According to a recent survey done by the CIES Football Observatory, Real Madrid and AFC Ajax have come out on top as the most effective talent producing clubs in Europe.
While Real Madrid supplied the highest graduates to the top 5 leagues, Ajax were more productive in training future players for all leagues across Europe. This is a downgrade for Barcelona from last year, who were top of the top 5 list last year. The surprising stat though was the relatively low presence of Premier League clubs. Only 2 English Clubs feature in the top 10, and just 4 in the top 50. Spain on the other hand is well represented with 11 clubs in the top 50.
While Real Madrid had 41 players plying their trade in the top leagues in Europe, Manchester United had 34, and Arsenal only 22. The low incidence of English clubs is a clear indication as to where the game is heading. With more money in the English game than ever before, teams are increasingly fielding a higher number of foreign internationals. Most teams these days in the EPL have a strong core of foreign Internationals, a far cry from the decades gone by. With United keeping only 6 out of their 34 trainees, it shows as to how much faith the team has in its once famous academy. Anyone who has some passion for the game would remember the Class of ’92, which features legends such as Paul Scholes, David Beckham, the Neville brothers, Nicky Butt and Ryan Giggs from a year before. But that is not the case these days, as United have also strayed from their philosophy of playing home grown talents. With the onus solely on winning, more and more teams are resorting to buying a good team rather than building one.
Arsenal are well known for their French connection and were the first team in the Premier League to field an entirely non-British line up. Although they have a good squad of England players like Walcott, Chamberlain, Gibbs, Arsenal have also released 13 of their 22 players around Europe. This is perhaps one of the reasons why the England National Team have not been doing so well over the past few years. The best international teams of today, namely Spain, Germany and France are all well represented in this list. All these nations have more than double the number of representatives than England, which clearly reflects in their recent performances. The more quality, young players that come out of your top clubs, the more successful the National team will be.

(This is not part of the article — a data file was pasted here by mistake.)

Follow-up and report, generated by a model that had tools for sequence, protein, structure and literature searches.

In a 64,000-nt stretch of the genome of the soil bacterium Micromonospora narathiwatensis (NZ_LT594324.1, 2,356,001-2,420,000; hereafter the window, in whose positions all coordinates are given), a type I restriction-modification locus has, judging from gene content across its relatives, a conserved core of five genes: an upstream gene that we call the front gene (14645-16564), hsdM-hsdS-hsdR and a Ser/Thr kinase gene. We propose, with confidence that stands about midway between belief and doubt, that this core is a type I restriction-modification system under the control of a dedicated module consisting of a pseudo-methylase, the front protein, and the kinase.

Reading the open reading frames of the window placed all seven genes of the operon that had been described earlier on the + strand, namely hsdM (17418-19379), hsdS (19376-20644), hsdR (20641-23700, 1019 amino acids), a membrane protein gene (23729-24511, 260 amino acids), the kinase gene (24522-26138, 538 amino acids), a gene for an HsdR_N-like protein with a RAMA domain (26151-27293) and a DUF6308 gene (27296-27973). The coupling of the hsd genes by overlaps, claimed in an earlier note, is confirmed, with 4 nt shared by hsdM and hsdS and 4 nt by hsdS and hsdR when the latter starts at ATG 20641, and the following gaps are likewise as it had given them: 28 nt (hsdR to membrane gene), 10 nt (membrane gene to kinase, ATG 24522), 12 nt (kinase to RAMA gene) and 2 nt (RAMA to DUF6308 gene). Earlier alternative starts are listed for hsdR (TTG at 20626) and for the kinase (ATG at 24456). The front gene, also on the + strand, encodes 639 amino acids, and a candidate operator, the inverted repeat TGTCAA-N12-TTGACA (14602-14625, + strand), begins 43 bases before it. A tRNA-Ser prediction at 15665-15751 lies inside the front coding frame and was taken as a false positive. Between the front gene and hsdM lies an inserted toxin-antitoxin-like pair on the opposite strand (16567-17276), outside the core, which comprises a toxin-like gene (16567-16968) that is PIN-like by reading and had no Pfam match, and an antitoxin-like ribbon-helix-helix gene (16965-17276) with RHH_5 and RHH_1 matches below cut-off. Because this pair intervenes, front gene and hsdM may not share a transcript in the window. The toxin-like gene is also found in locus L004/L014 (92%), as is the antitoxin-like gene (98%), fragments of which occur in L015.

As for the players in all 31 top division across Europe, Ajax are front runners with 71 players, 11 ahead of second placed Partizan Belgrade of Serbia and more than 30 ahead of the nearest English rivals Manchester United. Both Real Madrid and FC Barcelona come somewhere between the above two. However, this particular section is rules mostly by the smaller nations such as Serbia, Croatia, teams not traditionally considered as super powers in football.
One will probably not read too much into a study conducted about the player development programs of different clubs, but it does give you a strong correlation between success and failure. All good teams are built on solid home grown talents, whether it is the United teams of the 1990’s-2000’s, the Barcelona teams of late 2000’s or the 1980’s team of Real Madrid among others, for establishing a long lasting and sustainable dynasty, presence of quality home grown talent is a must, something there seems to be a dearth of in the English game. Maybe certain rule changes limiting either the number of foreign internationals or setting a mandatory quota of England Internationals in every team will change things for the better, but till money and entertainment rules the roost, English cubs look destined to buy foreign talent rather than persevere with one of their own.
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